Skiing: Kostelic wins World Cup slalom at Wengen
AP Sports Writer
WENGEN, Switzerland — Ivica Kostelic won a World Cup slalom on the Jungfrau course for his first victory of the season today, dropping to his knees and kissing the snow after arriving in the finish area.
Kostelic maintained his first-leg lead for a two-run time of 1 minute, 40.34 seconds to collect his 10th career World Cup victory.
"I was nervous because I've never lost a race I was leading," the 30-year-old Croat said. "It's not easy holding a lead ... and I knew I was going for victory."
The 30-year-old Croat returned to action Jan. 6, less than four weeks after undergoing arthroscopic surgery on his right knee. The 2002 World Cup slalom champion is also troubled by constant back pain.
Andre Myhrer of Sweden was 0.29 back in second and Austria's Reinfried Herbst trailed Kostelic by 0.51 in third.
Ted Ligety finished eighth and Jimmy Cochran was 12th for the U.S.
Bode Miller skied out in the top half and was among 22 of 69 racers who failed to finish the first run, including two-time world champion Mario Matt of Austria and Manfred Moelgg of Italy, the 2008 World Cup slalom champion.
Herbst extended his lead in the World Cup slalom standings over Julien Lizeroux of France, who placed fifth after winning last week at Adelboden, Switzerland.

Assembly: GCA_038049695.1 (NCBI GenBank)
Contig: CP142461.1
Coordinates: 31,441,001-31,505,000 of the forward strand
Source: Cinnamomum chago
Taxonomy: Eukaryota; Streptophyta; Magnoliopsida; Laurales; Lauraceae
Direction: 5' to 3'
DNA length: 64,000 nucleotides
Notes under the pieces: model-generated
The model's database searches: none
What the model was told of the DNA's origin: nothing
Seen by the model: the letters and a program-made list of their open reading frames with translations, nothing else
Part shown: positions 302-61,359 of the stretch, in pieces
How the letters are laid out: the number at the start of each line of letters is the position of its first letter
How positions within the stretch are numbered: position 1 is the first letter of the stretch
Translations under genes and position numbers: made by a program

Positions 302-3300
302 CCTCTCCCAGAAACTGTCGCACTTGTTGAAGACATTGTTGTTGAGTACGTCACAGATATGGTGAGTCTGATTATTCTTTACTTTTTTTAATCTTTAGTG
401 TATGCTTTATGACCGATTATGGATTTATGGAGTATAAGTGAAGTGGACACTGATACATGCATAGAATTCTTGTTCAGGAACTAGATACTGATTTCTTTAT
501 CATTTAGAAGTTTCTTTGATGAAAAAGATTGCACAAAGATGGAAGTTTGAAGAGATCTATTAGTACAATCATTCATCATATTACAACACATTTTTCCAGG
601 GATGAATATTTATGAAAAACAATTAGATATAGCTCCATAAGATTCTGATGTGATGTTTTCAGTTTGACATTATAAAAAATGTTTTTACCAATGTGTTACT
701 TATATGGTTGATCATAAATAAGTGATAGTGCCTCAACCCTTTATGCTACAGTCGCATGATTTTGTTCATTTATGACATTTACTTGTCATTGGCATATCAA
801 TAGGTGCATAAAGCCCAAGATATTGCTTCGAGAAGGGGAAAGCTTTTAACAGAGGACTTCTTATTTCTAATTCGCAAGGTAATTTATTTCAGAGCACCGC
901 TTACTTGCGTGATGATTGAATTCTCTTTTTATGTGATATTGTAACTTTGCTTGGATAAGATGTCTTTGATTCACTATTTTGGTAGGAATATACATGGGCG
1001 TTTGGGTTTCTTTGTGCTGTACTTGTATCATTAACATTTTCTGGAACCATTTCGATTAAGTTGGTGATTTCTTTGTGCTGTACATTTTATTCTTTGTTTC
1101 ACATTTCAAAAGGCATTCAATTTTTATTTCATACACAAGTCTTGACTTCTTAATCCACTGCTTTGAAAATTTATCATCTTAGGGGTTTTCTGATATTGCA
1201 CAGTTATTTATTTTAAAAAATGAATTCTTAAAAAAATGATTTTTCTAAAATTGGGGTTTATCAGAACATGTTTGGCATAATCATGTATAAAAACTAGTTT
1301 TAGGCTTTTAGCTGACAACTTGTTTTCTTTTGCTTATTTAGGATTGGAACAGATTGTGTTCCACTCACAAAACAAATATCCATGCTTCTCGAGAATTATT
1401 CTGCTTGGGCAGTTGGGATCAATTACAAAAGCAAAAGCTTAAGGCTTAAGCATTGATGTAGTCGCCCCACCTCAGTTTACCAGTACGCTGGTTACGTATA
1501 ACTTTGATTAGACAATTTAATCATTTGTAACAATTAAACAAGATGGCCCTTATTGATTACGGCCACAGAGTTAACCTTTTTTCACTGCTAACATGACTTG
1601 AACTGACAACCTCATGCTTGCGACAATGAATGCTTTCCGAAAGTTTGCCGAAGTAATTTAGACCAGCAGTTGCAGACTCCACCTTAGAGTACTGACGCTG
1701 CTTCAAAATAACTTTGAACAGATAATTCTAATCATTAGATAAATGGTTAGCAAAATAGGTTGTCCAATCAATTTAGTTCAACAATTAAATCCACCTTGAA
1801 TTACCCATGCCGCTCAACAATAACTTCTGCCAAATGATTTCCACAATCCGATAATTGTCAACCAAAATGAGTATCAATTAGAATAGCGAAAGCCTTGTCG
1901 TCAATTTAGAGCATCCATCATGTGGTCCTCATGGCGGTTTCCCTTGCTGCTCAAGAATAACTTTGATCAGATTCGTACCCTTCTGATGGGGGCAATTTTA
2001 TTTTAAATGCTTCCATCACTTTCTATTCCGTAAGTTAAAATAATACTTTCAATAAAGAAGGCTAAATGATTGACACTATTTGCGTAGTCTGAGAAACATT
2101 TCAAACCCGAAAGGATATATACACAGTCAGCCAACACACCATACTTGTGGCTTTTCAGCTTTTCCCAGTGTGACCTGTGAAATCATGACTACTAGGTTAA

Benjamin Raich of Austria finished fourth and closed within 18 points of overall leader Carlo Janka of Switzerland, who has 757 points.
Janka watched the race on television at home in Obersaxen after winning the classic Lauberhorn downhill on Saturday.
Kostelic finished second in the season-opening slalom at Levi, Finland, in November but elected for surgery after racing in Val d'Isere, France. He has returned to form with an impressive series of races in Switzerland over the past nine days.
Kostelic skied well in the first run of Adelboden's giant slalom, which was abandoned because of thick fog, then finished third behind Lizeroux in slalom the next day.
He was sixth behind Miller in Wengen's tough super-combined on Friday, then placed 20th in the demanding Lauberhorn downhill, his weakest discipline.
"I'm surprised that my knee is still holding up pretty well," said Kostelic, who has had seven operations on his right knee and another on his left. "The doctors who went inside said they never saw a knee look so good after so many traumas."
Myhrer was fourth after the morning run, but skied the bottom half of the second run superbly to make the podium. It was his first top-three World Cup finish since winning a slalom in the 2007 season at Beaver Creek, Colo.
"I knew I was in good shape but I skied out in the last three slaloms," the 27-year-old Swede said. "It's good finally to have a result."